This bar graph shows the yield response to deep P over 5 consecutive crops in relation to zero P treatment  at Dysart trial site.

Figure 3. Yield response to deep P over 5 consecutive crops in relation to zero P treatment
at Dysart trial site.

The difference between the 2015-16 sorghum and the 2017 chickpea crop (Figure 3) in terms of relative yields is dramatic (15% to 100%). It is possible that some of this yield increase may be due to chickpeas being not limited by nitrogen levels where as the sorghum crops can be.

The 2018 sorghum crop following on from the 2017 chickpea crop has achieved the highest relative yields of all the sorghum crops grown at this site since the initial application of deep P and K treatments. The main difference between the 2018 sorghum and the previous three sorghum crops has been a doubling of the urea application in the fallow prior to planting. The first three sorghum crops received 100 kg/ha of urea where as the 2018 crop received 200 kg/ha. While protein analysis is yet to be completed for the 2018 sorghum crop, the difference in yields alone from crop to crop are strong evidence of the importance of N status in realising the full yield benefit from P and K application in cereal crops.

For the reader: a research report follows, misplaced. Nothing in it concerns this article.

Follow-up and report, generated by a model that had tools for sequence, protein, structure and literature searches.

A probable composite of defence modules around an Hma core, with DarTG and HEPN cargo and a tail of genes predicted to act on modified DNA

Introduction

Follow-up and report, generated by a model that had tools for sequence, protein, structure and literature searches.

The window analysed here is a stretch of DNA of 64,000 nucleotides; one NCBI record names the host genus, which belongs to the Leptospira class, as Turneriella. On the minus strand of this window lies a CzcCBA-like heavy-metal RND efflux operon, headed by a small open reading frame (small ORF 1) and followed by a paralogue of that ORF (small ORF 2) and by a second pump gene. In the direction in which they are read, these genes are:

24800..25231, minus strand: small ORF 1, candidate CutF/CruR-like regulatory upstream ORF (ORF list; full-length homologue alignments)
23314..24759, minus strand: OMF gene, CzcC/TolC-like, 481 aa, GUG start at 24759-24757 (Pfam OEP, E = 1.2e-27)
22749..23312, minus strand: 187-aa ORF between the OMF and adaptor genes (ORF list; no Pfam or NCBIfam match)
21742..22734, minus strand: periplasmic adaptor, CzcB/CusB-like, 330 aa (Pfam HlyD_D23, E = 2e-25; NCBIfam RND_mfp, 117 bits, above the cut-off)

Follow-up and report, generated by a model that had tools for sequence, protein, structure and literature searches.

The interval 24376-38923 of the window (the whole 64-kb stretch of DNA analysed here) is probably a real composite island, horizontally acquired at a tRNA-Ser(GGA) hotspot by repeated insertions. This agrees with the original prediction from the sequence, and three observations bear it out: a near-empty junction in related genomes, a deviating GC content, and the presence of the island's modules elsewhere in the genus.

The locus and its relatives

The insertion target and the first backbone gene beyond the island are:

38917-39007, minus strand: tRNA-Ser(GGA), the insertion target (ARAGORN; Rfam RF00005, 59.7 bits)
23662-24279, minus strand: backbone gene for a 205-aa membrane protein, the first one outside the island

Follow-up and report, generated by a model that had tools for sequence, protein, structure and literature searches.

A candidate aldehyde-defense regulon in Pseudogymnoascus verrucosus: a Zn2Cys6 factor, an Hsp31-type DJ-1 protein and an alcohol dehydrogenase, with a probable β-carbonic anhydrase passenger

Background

Summary

In general, soil test values have predicted responses to deep placed P and K in 80% of sites tested in CQ using depth increments that ensure separation of the surface and sub-surface layers. While the scale of these responses has been variable, the P response have been reliable.

There are a number of factors that will influence the size of the response from deep placed P and/or K. These factors include:

  • Concentration of nutrient in the top 10cm
  • Amount and timing of in-crop rainfall
  • Crop species
  • Nitrogen status

Acknowledgements

The research undertaken as part of this project is made possible by the significant contributions of growers through both trial cooperation and the support of the GRDC, the author would like to thank them for their continued support.

Contact details

Doug Sands
Department of Agriculture and Fisheries
LMB 6, Emerald QLD 4720
Ph: 07 4991 0811
Email: douglas.sands@daf.qld.gov.au

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GRDC code: UQ00063 Regional soil testing guidelines

GRDC Project code: UQ00063